If DES decryption is the same as encryption done in reverse order, then how can the reversed S-Box convert 4 bits into 6 bits?


1 Answer 1


DES is based on a Feistel construction - while the one-way function used is.. well.. one-way, you don't need to reverse it at all to "decrypt" (otherwise you are correct we would have a problem). Look at this diagram, specifically the decryption one:

enter image description here

As you can see, even though one half of the ciphertext is passed through the one-way function, there's always a copy of it remaining. In this case, $L_{n + 1}$ goes through the one-way function to mask $R_{n + 1}$, but still becomes one half of the ciphertext, which lets you use it again during decryption to undo the XOR operation you used to mask the other half of the ciphertext.

Then you keep doing that for each round (using the round keys in reverse) and you end up with the plaintext. No information is lost during the encryption process, the one-way function is simply used to mask each half in turn in an interleaved fashion (which can be done again during decryption in the opposite direction, but only if you have the key).

Ultimately decryption is very similar to encryption, a common feature of Feistel ciphers in general. In fact with some arrangements the only difference is the order of the subkeys, which is (or at least was) a big advantage as it makes implementation easier on limited devices, as you can mostly reuse the encryption code for decryption.

  • $\begingroup$ That schematic does not directly apply to DES: it is missing the final swap, IP, FP; and shows decryption with L and R reversed; whereas in DES, thanks to the final swap, encryption and decryption are identical except for the order of subkeys. $\endgroup$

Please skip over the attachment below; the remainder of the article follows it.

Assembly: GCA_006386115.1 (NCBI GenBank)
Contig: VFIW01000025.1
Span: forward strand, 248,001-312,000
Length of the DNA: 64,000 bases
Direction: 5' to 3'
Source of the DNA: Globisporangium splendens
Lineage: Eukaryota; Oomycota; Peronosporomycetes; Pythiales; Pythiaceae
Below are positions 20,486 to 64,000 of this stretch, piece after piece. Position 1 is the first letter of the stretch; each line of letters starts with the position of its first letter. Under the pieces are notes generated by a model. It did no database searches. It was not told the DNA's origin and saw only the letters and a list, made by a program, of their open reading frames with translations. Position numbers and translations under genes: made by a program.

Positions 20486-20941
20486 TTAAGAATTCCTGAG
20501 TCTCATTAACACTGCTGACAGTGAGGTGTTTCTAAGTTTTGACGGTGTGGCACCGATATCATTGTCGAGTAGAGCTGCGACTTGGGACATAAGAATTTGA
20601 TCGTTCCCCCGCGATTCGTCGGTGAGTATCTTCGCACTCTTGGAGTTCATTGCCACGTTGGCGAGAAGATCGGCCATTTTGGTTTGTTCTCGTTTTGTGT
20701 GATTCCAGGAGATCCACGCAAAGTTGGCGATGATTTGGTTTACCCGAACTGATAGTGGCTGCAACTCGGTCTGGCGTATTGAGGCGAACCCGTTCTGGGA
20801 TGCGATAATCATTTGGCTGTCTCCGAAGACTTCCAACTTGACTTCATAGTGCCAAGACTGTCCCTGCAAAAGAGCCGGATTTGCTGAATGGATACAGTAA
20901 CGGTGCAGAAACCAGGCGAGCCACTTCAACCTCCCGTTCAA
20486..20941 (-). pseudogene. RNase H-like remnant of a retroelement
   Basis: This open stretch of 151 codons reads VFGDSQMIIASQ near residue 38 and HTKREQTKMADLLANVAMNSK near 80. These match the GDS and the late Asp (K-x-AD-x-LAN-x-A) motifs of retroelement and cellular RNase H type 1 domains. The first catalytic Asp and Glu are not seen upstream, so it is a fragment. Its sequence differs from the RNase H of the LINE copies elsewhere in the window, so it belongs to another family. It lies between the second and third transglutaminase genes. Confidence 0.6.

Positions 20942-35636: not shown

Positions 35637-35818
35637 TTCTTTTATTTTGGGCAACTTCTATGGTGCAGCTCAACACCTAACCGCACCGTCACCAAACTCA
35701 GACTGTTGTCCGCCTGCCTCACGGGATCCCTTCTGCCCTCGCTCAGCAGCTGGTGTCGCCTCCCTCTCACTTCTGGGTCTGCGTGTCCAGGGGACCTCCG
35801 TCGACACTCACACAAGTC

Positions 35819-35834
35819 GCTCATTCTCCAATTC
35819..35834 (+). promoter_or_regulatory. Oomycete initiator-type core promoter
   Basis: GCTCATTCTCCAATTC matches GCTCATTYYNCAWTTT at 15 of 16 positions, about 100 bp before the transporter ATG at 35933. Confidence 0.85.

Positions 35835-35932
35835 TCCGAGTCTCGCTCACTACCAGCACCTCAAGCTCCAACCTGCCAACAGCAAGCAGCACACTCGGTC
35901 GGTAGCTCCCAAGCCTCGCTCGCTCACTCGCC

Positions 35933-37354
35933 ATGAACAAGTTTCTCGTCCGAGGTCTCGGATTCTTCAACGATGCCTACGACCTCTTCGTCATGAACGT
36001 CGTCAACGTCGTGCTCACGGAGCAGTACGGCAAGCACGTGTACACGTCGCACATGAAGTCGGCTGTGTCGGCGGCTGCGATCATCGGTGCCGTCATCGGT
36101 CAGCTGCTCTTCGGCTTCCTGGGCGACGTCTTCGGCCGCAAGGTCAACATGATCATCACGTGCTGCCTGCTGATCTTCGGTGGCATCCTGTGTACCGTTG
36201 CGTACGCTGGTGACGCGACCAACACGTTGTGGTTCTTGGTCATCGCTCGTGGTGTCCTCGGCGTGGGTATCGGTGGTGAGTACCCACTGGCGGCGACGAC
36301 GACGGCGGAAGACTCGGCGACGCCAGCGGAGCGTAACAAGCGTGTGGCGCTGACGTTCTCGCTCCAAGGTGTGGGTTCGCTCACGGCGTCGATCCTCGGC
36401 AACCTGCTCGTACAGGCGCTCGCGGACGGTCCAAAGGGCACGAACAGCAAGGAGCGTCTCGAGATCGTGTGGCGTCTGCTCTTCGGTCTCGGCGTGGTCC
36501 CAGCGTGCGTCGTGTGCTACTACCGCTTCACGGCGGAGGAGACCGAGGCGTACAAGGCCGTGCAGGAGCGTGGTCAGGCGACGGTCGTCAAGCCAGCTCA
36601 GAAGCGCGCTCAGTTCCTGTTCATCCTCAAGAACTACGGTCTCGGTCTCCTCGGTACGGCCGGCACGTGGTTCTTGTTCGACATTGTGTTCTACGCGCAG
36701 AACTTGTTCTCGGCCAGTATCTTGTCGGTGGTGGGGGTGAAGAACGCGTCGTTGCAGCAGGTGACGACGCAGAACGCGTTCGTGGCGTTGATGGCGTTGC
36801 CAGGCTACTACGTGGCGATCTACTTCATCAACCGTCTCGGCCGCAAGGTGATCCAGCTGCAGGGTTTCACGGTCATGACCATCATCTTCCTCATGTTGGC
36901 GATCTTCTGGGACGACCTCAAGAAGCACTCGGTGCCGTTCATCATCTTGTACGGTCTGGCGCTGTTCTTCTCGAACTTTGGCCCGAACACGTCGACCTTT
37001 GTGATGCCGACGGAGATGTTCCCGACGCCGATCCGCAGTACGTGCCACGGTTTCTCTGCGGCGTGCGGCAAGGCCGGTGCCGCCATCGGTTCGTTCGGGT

– fgrieu
    Aug 11, 2013 at 14:09
  • $\begingroup$ @fgrieu No, it does not apply directly to DES, but it applies directly to the question at hand, which is "why is it not necessary to invert the one-way function to invert a DES round". $\endgroup$
    – Thomas
    Aug 11, 2013 at 14:13
  • $\begingroup$ @Thomas (I know this a old question) So, for decryption in DES you would start with the cipher text, and apply IP, shift the keys, apply PC-2 to create them but apply these keys from K16 to K0. Then apply the XOR function, use the S-Boxes then at round 0 you would apply the FP? I'm currently learning DES and am bit confused on the decryption part. Thanks! $\endgroup$
    – orange
    Nov 8, 2014 at 18:30
  • $\begingroup$ @orange DES decryption works the same way as encryption, just with the round key order reversed (IP -> 16 rounds with $k_{16} .. k_1$ -> FP). Note that in DES, after the last (or before the first) round $L_i$ and $R_i$ are not swapped, making the entire structure easily reversible. The key scheduling algorithm can also be easily reversed. $\endgroup$
    – Lukas
    Dec 4, 2014 at 8:23

Not the answer you're looking for? Browse other questions tagged or ask your own question.